I almost got into a fight today. It was at the Pilot gas station on Halfway BLVD.
A man was filling his very nice vehicle a couple of pumps away, as his noticeably pretty wife (or whatever) was returning to the car from having been inside the building. He began yelling in an arguing sort of tone with extreme anger. It seemed to have something to do with spending money. His foul language increased more and more as his finished gassing the vehicle and drove away … past me with his window open and the ranting continuing.
I just impulsively said, “Yo dude, calm it down … it’s going to be alright … nothing can be this bad.” He made a particular gesture toward me I can’t really describe in this setting, slowed down and addressed me with some words I cannot report as well. For a moment, I thought it might be “game on.” But he drove away … yelling.
Here was a guy with some nice things in life. His car was certainly better than my 2001 minivan. But he was not enjoying his blessings.
We often see people in life who have a lot of blessings, but who also don’t seem to be able to enjoy them. Perhaps they feel their blessings are really not as significant as they actually are, aspiring to greater gains like they observe in the lives of certain others. We know also of people who do well, but all they do is work and strive for even more, as their job owns them.
If you think about it, happiness in life and work is not directly proportionate to the amount of gain that comes from it. Rather, the happiest people are those who find contentment in the use of the abilities that they have, being content also with the adequate life that God enables them to enjoy as a result – be it in abundance, sufficiency, or in meager circumstances. They accept their work and life as from God, believing also that He will supply their needs.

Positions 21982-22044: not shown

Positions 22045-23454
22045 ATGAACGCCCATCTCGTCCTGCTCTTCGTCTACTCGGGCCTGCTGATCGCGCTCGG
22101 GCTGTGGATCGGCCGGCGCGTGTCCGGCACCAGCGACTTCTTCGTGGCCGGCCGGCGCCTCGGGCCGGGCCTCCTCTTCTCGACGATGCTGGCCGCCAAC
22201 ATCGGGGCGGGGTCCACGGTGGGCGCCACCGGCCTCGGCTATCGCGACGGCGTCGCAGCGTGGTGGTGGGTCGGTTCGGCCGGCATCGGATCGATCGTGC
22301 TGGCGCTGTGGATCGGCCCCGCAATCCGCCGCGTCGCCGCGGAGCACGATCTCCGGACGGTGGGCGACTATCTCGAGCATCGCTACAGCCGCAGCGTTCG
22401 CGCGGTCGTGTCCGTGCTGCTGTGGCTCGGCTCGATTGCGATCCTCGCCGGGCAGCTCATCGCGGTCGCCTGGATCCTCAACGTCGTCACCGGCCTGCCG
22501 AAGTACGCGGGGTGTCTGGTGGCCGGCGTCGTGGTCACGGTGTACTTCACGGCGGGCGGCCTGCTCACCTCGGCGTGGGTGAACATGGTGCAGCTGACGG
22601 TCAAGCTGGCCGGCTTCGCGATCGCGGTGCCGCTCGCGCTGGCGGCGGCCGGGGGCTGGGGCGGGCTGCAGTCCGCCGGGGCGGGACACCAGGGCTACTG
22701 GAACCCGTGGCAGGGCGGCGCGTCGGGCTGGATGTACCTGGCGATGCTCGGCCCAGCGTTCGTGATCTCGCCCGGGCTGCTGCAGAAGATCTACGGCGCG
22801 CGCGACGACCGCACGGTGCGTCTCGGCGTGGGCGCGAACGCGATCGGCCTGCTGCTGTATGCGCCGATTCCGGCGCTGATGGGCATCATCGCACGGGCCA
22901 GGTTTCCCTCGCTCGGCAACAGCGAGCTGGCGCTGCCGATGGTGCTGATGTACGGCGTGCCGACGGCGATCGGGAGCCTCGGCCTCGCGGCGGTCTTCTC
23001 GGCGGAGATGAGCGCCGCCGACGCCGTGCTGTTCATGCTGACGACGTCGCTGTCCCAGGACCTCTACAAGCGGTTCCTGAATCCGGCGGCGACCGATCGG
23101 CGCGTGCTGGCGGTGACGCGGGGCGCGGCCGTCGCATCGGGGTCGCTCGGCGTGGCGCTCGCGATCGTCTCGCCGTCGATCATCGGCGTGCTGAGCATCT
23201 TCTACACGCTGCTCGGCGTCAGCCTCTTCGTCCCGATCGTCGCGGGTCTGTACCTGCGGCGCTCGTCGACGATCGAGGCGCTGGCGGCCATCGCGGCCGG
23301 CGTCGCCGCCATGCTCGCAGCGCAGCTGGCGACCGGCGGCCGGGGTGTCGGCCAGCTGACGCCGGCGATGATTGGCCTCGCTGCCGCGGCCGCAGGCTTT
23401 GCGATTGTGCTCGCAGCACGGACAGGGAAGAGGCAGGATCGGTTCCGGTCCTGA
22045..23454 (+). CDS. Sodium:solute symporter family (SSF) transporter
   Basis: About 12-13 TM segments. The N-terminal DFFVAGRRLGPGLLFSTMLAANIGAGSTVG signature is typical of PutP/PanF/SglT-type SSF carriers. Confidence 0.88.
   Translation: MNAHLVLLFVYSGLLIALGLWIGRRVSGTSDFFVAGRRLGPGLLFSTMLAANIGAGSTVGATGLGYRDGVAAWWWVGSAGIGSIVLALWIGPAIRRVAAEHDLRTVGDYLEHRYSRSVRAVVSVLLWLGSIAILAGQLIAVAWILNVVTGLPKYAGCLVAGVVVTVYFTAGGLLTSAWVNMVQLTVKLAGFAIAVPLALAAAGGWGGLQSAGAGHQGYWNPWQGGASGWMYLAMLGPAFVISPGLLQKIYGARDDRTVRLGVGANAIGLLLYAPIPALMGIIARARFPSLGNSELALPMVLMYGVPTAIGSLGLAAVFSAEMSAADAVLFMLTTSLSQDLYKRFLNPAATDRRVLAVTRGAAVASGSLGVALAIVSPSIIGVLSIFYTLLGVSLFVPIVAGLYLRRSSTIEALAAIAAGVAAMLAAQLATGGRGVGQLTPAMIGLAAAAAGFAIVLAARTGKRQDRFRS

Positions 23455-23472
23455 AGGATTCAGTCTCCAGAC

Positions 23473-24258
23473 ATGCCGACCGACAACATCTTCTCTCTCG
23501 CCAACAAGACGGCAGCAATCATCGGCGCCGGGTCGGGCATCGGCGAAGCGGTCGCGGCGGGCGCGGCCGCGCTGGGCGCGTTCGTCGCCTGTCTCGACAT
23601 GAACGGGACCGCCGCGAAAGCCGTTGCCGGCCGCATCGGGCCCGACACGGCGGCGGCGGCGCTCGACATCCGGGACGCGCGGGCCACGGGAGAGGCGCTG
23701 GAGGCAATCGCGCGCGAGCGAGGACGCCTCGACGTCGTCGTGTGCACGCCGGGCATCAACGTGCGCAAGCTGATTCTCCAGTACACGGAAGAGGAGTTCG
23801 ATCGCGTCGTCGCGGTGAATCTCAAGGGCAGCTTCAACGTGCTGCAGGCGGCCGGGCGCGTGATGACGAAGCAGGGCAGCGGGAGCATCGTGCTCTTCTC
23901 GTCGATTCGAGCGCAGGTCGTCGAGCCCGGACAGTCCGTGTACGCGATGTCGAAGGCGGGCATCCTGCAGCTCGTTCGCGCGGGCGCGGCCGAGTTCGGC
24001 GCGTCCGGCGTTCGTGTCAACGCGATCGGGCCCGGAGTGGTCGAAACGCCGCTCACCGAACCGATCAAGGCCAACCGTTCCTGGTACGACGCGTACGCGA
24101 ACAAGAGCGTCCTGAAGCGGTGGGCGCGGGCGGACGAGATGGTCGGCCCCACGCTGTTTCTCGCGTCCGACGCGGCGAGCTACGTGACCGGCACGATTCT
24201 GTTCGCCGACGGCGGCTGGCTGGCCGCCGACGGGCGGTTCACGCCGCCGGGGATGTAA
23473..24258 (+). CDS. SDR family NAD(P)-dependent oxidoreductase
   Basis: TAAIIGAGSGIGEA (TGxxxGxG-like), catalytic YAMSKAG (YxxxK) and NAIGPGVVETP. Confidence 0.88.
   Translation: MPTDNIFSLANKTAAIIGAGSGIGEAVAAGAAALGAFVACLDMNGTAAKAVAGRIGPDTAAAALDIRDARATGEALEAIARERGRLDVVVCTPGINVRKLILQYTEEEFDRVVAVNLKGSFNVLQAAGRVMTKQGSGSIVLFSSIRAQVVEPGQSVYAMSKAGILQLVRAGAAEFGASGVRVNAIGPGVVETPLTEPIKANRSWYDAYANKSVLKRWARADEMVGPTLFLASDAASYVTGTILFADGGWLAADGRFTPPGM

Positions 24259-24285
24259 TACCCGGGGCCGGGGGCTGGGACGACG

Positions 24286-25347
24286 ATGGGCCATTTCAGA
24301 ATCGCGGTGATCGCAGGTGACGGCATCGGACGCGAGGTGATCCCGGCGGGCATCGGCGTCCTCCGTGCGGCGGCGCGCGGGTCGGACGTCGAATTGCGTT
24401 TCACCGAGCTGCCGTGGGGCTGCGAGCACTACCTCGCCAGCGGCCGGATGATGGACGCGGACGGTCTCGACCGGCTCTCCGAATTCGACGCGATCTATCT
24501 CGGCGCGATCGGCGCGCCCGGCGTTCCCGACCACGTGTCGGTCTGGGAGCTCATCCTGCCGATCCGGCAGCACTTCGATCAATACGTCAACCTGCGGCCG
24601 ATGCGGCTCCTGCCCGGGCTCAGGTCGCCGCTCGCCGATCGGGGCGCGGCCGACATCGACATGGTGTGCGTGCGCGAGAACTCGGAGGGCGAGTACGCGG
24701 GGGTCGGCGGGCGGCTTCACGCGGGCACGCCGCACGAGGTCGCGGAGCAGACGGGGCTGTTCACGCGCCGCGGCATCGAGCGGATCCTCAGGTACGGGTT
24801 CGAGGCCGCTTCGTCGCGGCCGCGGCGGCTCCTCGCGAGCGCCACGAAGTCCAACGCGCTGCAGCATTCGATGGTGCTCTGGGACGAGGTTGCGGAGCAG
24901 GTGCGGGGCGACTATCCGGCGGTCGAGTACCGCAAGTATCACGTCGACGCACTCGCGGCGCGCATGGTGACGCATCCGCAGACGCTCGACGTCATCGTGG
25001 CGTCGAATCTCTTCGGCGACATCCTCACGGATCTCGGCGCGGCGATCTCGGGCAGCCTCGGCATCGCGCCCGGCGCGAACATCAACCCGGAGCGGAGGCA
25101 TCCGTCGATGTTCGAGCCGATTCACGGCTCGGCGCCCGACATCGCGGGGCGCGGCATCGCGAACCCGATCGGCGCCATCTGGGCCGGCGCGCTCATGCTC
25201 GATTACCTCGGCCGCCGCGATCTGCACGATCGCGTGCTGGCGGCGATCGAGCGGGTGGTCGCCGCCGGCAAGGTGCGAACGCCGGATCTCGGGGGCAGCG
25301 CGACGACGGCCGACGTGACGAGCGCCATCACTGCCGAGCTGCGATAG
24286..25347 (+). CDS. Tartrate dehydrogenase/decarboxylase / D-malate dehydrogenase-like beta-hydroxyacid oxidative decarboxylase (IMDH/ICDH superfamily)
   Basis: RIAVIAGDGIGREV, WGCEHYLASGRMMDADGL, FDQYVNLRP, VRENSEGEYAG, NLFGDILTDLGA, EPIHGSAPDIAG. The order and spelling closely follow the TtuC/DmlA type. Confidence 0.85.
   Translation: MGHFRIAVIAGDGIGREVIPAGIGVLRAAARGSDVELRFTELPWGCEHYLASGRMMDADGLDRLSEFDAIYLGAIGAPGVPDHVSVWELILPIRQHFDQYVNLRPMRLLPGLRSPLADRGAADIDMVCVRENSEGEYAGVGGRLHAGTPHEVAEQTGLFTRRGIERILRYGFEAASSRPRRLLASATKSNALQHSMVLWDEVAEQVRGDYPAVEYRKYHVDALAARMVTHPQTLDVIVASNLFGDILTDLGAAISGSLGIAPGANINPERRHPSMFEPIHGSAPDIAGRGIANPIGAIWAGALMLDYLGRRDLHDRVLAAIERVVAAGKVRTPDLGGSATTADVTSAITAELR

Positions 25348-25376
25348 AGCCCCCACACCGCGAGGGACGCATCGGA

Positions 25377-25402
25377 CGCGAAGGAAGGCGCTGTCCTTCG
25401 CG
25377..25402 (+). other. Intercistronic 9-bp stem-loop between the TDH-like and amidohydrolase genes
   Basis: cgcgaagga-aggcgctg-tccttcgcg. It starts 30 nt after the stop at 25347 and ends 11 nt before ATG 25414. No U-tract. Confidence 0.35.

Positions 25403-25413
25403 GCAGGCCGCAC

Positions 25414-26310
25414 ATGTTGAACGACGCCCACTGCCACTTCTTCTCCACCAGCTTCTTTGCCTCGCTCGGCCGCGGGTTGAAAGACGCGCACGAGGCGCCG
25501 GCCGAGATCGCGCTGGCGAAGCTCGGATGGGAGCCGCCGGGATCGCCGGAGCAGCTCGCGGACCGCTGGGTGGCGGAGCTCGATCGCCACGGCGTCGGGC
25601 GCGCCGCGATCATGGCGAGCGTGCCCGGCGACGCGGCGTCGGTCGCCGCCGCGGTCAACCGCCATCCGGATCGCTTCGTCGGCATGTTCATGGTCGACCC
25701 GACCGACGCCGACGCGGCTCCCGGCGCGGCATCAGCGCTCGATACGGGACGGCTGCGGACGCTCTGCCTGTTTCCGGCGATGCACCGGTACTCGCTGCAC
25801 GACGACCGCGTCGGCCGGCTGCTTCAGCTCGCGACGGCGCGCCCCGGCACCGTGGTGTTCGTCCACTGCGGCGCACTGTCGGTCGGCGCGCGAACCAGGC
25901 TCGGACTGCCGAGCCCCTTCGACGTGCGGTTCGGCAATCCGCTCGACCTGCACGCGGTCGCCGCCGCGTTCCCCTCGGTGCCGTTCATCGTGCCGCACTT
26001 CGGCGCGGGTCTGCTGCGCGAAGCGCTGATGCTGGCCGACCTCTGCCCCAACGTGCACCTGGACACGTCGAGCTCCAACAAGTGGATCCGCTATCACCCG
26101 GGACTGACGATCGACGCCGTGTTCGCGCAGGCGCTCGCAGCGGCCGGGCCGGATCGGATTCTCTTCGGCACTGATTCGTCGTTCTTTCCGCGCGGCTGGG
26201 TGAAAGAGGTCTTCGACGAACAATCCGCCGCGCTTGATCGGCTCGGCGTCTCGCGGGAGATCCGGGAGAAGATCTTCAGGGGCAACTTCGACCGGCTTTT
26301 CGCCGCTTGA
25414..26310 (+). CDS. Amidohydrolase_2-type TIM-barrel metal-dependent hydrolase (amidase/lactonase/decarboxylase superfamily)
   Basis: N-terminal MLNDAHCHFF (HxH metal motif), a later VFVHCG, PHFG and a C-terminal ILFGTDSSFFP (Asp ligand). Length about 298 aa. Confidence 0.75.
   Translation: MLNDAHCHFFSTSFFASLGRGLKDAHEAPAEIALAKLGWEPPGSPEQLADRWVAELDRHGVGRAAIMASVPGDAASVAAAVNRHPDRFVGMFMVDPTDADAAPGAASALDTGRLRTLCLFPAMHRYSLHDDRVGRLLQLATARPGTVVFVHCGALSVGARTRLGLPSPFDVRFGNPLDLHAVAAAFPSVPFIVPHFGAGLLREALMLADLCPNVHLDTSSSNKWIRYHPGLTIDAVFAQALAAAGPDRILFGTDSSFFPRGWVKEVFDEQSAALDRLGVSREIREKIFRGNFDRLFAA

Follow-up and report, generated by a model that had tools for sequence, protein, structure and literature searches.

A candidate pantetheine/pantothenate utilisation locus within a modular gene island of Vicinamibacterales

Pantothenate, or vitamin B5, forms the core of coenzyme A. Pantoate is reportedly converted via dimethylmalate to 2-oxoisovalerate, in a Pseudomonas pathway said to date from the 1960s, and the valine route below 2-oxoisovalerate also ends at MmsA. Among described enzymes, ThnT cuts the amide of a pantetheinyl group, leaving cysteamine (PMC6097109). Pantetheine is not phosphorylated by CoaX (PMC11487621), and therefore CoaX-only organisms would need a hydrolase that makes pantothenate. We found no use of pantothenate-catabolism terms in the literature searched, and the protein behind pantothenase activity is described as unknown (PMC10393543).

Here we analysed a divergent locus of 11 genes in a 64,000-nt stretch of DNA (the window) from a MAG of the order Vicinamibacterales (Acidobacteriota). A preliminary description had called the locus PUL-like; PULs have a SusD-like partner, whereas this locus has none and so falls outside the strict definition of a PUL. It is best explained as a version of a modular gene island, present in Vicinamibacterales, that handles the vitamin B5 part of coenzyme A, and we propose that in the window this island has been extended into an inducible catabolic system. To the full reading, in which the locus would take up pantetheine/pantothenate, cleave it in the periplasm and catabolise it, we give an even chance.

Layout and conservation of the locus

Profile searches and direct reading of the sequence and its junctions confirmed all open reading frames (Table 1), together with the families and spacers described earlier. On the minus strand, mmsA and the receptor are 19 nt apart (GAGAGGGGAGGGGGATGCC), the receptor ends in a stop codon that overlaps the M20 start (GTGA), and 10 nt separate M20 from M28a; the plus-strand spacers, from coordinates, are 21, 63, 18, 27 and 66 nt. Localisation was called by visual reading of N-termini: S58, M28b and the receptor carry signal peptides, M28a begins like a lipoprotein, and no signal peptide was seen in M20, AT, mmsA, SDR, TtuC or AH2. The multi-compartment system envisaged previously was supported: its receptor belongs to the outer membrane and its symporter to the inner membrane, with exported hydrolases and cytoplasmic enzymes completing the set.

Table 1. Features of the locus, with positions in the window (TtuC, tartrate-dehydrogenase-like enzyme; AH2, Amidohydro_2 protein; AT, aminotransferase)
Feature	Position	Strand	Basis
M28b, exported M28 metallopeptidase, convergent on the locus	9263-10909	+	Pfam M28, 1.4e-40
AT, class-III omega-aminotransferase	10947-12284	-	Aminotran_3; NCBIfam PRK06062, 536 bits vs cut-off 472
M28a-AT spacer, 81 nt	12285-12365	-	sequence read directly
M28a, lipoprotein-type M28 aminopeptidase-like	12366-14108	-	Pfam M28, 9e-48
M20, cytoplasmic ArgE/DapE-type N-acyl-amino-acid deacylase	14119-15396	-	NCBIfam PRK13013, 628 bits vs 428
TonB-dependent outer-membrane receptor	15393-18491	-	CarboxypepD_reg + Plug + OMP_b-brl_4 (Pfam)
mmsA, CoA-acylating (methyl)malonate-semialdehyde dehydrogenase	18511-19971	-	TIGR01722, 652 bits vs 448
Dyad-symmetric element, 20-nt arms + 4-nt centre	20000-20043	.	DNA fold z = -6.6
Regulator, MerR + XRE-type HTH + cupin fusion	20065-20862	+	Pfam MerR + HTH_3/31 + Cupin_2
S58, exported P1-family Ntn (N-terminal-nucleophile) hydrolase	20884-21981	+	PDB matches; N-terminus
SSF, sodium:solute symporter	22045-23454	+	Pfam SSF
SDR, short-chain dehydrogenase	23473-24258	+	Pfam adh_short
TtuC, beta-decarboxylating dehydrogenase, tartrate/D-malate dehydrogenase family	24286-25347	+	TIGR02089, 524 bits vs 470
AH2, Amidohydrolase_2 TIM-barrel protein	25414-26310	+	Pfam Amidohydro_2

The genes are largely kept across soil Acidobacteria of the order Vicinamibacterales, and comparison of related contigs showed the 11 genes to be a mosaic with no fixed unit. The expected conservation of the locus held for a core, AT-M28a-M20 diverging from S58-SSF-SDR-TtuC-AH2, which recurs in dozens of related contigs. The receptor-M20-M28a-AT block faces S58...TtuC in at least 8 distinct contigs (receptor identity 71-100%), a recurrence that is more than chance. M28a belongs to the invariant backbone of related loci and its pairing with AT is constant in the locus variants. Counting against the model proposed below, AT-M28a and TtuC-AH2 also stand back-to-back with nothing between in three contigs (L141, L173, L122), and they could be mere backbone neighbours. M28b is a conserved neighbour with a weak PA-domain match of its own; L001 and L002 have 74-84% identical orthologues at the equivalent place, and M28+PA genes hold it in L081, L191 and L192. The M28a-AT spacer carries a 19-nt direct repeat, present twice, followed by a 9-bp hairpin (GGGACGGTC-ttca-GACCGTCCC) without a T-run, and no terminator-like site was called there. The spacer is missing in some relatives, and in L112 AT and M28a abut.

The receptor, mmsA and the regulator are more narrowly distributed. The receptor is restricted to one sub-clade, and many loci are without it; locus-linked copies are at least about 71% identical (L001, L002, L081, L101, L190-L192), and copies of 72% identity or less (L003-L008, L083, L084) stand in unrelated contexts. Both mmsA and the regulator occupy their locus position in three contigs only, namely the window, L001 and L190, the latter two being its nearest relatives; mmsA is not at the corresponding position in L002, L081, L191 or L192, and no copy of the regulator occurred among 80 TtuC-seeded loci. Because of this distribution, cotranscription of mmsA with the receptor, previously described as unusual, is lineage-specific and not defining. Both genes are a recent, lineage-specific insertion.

Solomon calls this the gift of God …
Ecclesiastes 5:18-20 – This is what I have observed to be good: that it is appropriate for a person to eat, to drink and to find satisfaction in their toilsome labor under the sun during the few days of life God has given them—for this is their lot. 19 Moreover, when God gives someone wealth and possessions, and the ability to enjoy them, to accept their lot and be happy in their toil—this is a gift of God. 20 They seldom reflect on the days of their life, because God keeps them occupied with gladness of heart.
People like this do not regret and grieve the past, nor do they worry about the future. They live in thankfulness that God has been good to meet their daily needs at whatever social strata he had given them.
The New Testament passage of relative equivalence would be in Philippians 4:4-7 … Rejoice in the Lord always. I will say it again: Rejoice! Let your gentleness be evident to all. The Lord is near. Do not be anxious about anything, but in every situation, by prayer and petition, with thanksgiving, present your requests to God. And the peace of God, which transcends all understanding, will guard your hearts and your minds in Christ Jesus.
When we rest in God and in His gifts, we get also the gift of rest from Him.
Another New Testament writer says (Hebrews 13:5) … Keep your lives free from the love of money and be content with what you have, because God has said, “Never will I leave you; never will I forsake you.”